I had to be out of the house for bedtime tonight, and though the girls should have been in bed fast asleep, by the time I returned, these two were still awake. Life doesn't always turn out the way of a scheduled bedtime. Matt, who had probably imagined a couple of hours of quiet, spent two hours trying to convince Shira to fall asleep (and with his lack of lactating parts he was losing the battle before it had even begun), which in turn ignited Alyce to begin her own petition for no-bedtime, since why should she sleep if the other wasn't going to (fair question)? When I walked in the door two hours past Shira's bedtime she was a bit manic, in that joyful way she has about her. She immediately brought me to the couch where I nursed her for a few minutes, Alyce sprawled on top of the both of us. It was neither comfortable nor productive (who could focus under these conditions?), but it was absolutely worth a late bedtime. I was able to sit and enjoy my children for a few minutes before sending them off for the night, an absolutely perfect thing to do even when only away for a couple of hours. They climbed on Matt's lap for a few minutes before it was really, really bedtime, and now I have these photos.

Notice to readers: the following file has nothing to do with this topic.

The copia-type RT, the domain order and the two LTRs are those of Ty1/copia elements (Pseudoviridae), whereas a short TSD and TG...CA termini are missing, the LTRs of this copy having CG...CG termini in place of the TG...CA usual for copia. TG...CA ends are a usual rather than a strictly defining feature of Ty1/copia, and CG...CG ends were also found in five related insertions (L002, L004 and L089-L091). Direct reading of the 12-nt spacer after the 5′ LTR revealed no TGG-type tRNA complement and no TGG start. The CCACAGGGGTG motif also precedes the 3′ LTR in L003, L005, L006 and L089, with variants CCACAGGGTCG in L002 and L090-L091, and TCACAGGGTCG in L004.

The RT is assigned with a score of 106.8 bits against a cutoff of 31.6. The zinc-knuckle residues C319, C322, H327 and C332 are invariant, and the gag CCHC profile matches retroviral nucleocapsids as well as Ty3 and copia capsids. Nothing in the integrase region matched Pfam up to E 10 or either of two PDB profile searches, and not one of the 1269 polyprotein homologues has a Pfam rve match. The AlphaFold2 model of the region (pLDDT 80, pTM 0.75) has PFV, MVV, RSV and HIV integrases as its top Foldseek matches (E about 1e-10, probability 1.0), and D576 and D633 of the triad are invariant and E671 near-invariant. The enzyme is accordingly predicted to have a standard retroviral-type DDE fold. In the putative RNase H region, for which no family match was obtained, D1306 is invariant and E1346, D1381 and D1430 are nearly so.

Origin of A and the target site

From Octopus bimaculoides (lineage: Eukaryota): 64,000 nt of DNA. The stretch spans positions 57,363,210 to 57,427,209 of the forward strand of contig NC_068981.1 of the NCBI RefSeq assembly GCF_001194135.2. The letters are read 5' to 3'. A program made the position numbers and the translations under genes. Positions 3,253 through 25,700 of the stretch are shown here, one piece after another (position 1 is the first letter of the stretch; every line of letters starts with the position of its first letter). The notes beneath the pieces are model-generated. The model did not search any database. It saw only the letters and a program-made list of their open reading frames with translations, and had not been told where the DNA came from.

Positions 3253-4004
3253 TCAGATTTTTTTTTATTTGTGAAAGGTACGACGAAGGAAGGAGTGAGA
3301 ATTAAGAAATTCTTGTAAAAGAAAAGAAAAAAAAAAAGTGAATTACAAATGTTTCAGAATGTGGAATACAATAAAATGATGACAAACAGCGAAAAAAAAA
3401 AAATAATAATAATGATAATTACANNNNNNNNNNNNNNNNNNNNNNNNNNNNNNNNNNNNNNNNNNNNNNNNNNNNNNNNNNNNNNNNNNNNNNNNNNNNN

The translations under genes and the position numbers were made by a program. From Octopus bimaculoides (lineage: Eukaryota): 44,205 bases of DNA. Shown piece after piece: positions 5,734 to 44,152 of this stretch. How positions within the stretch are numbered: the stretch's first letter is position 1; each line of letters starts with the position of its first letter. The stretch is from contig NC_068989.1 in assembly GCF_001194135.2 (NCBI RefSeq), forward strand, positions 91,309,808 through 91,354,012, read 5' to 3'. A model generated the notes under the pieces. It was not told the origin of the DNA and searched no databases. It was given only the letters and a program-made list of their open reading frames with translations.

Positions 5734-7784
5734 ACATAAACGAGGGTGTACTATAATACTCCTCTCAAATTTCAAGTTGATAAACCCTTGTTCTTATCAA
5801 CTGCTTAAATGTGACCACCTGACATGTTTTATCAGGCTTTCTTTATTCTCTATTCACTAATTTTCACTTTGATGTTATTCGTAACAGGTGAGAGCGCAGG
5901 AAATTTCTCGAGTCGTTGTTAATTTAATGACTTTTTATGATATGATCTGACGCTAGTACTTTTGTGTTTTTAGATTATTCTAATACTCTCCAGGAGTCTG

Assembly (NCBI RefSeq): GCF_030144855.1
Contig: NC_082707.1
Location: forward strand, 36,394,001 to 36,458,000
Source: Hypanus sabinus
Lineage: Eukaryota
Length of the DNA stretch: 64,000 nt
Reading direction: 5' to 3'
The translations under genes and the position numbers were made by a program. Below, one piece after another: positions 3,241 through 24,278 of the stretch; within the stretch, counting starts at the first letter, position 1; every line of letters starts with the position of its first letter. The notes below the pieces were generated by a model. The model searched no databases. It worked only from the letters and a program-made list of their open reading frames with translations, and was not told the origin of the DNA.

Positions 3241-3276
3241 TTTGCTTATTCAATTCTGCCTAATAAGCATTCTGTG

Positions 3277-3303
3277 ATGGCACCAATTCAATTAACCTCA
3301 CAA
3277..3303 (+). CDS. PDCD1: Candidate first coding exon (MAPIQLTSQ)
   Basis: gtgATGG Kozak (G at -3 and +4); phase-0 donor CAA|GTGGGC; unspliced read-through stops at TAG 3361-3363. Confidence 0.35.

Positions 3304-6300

This is why it's good to relax some days. Note to self.
I'm writing this on the "oh please let that never happen again"side of food poisoning (I made us a lovely dinner last night that I now deeply regret). Both Matt and I woke up over night with the dreaded pains and I won't go into any of the rest. Except to tell you that both parents suffering from food poisoning while attempting to parent a four and two year old is not easy. Matt and I were able to trade off all day, one barely watching The Children while the other collapsed in bed. All I keep wondering now is how single parents do it. How do they do it? We were so sick today and it felt unbearable to do things like make snacks or keep the room from spinning, and all the while I was able to depend on Matt, as sick as he was. So to single parents out there, that's a lot of work.